She showed us her different plots of gardens and all of her beautiful flowers and fruit trees.  Her property was sitting on a spot, where they had removed the mountain top for coal mining.  Her family had transformed it into a spot, where she can now raise her gardens.  She was insistent about inviting us in to exhibit her canning that she had done from the garden.  It may seem weird but it was a beautiful thing to see how much these gardens contribute to someone’s food supply.  I can’t imagine traveling on Highway 2000 in the middle of the winter-time, I just don’t see how it’s possible. 
Some more canned goods by the Wagers

Some cucumbers ready for pickling out of the Wagers garden
                The end of our visits consisted of Bettina Balmer and her church’s garden.  She is a woman that knows what she is doing.  She even constructed a raised bed for her little neighbor, Mackenzie, which was beautiful and she was so proud of.  The butterflies really enjoyed it too.  Bettina had a lot of the crops I talked about in my Four Season Gardening presentation and more.  She was one of our major sources for our Farmer’s Market.  She told us that she mainly wants to focus on red raspberries for her business, which she showed us up on the hill.  Red raspberries are my absolute favorite! Fruits could do really well with the GROW Appalachia participants because a lot of market purchasers look for sweets.  Also, berries do very well in the mountains.
Mackenzie’s garden

Bettina Balmer’s red raspberries
                Even though the tour was a very great way to spend our day, we had tons to do back at Red Bird for the Community Picnic.  As soon as we got back, we set up everything and we were surprised with early participants.  I believe this showed the excitement for this event.  Pretty soon, everyone was arriving, bringing their fantastic garden dishes which included; garden tomatoes, various types of corn salad, bowls of chili with peppers including habanero, various types of green beans, sauerkraut, pickled beets, and much more.  Also some of the participants brought spearmint tea, which was gone after a few seconds, and fresh milk from their cows.  I felt so blessed to be a part of their great feast.  I can’t believe how good the cooking is down here!  I heard great conversations about sharing equipment and various methods people use on their farms and making new contacts/friends.  I knew that we were reaching one of our goals that GROW Appalachia had set out to do, this was the whole purpose of this event.  Participants brought their family recipes and shared excitement at trying to make each other’s dishes.  I’m hoping that they will use the recipes as a fundraising book for GROW Appalachia or maybe just share among the participants.  Then we ended the night with door prizes and some BINGO.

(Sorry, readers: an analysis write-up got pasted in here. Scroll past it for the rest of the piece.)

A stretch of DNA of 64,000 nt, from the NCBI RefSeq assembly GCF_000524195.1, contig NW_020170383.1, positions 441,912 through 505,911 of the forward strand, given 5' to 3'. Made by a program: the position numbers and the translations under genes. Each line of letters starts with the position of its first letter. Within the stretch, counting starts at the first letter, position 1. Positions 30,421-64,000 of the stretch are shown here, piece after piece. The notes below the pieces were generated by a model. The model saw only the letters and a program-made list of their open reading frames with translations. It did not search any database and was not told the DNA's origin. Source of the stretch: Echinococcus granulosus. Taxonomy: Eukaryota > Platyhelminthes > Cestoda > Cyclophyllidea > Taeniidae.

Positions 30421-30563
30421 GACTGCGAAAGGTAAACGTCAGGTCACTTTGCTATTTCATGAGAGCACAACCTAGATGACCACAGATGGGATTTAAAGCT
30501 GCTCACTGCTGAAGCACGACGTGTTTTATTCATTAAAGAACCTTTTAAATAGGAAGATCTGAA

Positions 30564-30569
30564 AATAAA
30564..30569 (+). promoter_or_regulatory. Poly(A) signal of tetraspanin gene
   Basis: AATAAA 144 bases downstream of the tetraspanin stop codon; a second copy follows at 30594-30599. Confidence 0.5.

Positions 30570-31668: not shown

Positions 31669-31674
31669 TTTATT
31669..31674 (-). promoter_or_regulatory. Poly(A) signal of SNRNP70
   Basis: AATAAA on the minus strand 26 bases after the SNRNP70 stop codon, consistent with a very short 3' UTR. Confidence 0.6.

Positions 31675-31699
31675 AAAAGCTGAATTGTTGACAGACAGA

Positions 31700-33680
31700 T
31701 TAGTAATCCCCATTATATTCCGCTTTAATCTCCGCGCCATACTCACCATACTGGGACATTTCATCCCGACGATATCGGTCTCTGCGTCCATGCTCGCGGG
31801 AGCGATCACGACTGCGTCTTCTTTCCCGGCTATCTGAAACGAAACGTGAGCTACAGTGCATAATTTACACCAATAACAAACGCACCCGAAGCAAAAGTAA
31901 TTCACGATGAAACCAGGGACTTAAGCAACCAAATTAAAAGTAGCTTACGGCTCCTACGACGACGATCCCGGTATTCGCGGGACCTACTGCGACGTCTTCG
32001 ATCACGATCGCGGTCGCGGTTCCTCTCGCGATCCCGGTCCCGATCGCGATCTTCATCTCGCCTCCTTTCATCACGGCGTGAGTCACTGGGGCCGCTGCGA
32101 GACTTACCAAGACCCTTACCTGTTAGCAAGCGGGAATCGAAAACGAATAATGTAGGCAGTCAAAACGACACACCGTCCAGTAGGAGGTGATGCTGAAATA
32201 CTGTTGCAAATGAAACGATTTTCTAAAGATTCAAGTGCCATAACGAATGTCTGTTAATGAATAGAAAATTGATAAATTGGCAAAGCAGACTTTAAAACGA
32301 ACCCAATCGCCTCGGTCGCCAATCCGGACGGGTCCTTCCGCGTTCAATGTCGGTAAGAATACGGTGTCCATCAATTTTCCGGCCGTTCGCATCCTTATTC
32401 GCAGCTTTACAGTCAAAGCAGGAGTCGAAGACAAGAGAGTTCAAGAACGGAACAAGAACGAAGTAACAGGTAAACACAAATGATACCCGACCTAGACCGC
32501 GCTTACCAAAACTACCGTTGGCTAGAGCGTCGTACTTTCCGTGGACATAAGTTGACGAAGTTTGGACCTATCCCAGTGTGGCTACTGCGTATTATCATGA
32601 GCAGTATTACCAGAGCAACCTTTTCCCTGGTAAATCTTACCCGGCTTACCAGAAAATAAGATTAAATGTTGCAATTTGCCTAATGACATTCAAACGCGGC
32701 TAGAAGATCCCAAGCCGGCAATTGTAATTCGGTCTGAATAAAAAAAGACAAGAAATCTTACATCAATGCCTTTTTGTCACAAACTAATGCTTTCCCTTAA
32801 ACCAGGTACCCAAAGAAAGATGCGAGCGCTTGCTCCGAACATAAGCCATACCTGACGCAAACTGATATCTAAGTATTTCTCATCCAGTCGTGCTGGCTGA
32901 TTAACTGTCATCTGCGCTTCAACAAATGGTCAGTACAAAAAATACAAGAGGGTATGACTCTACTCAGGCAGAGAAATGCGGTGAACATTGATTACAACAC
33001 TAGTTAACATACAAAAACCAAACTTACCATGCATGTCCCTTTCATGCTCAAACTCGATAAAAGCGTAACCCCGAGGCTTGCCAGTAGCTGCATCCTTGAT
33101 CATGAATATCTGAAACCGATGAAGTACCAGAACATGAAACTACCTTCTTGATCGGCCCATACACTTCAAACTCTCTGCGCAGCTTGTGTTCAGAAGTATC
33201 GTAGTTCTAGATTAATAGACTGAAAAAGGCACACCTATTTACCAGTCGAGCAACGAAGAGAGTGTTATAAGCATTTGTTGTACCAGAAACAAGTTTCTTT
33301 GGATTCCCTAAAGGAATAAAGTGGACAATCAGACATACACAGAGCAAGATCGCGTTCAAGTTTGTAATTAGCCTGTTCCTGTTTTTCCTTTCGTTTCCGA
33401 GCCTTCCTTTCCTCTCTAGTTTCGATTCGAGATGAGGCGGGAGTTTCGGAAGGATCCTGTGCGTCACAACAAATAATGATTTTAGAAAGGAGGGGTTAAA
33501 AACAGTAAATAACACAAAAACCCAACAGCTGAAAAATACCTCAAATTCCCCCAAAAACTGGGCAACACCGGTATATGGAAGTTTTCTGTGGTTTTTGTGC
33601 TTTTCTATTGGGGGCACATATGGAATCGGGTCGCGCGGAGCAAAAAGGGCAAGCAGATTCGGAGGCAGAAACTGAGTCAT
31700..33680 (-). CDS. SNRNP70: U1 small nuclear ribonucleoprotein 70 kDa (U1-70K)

The potluck from the garden

Gardeners/Farmers ready to eat

Esther Mason’s fresh cow milk
               I just want to say in my last post, that I was very blessed to have this opportunity to be working with remarkable people.  They were more than willing to invite us inside when we arrived to their gardens and share their food.  I really hope that I made a good contribution to this program and through this blog, I was able to exemplify the effect that GROW Appalachia has on families in the Appalachian region, more specifically around Red Bird.  Again, these are great people.  Thank you!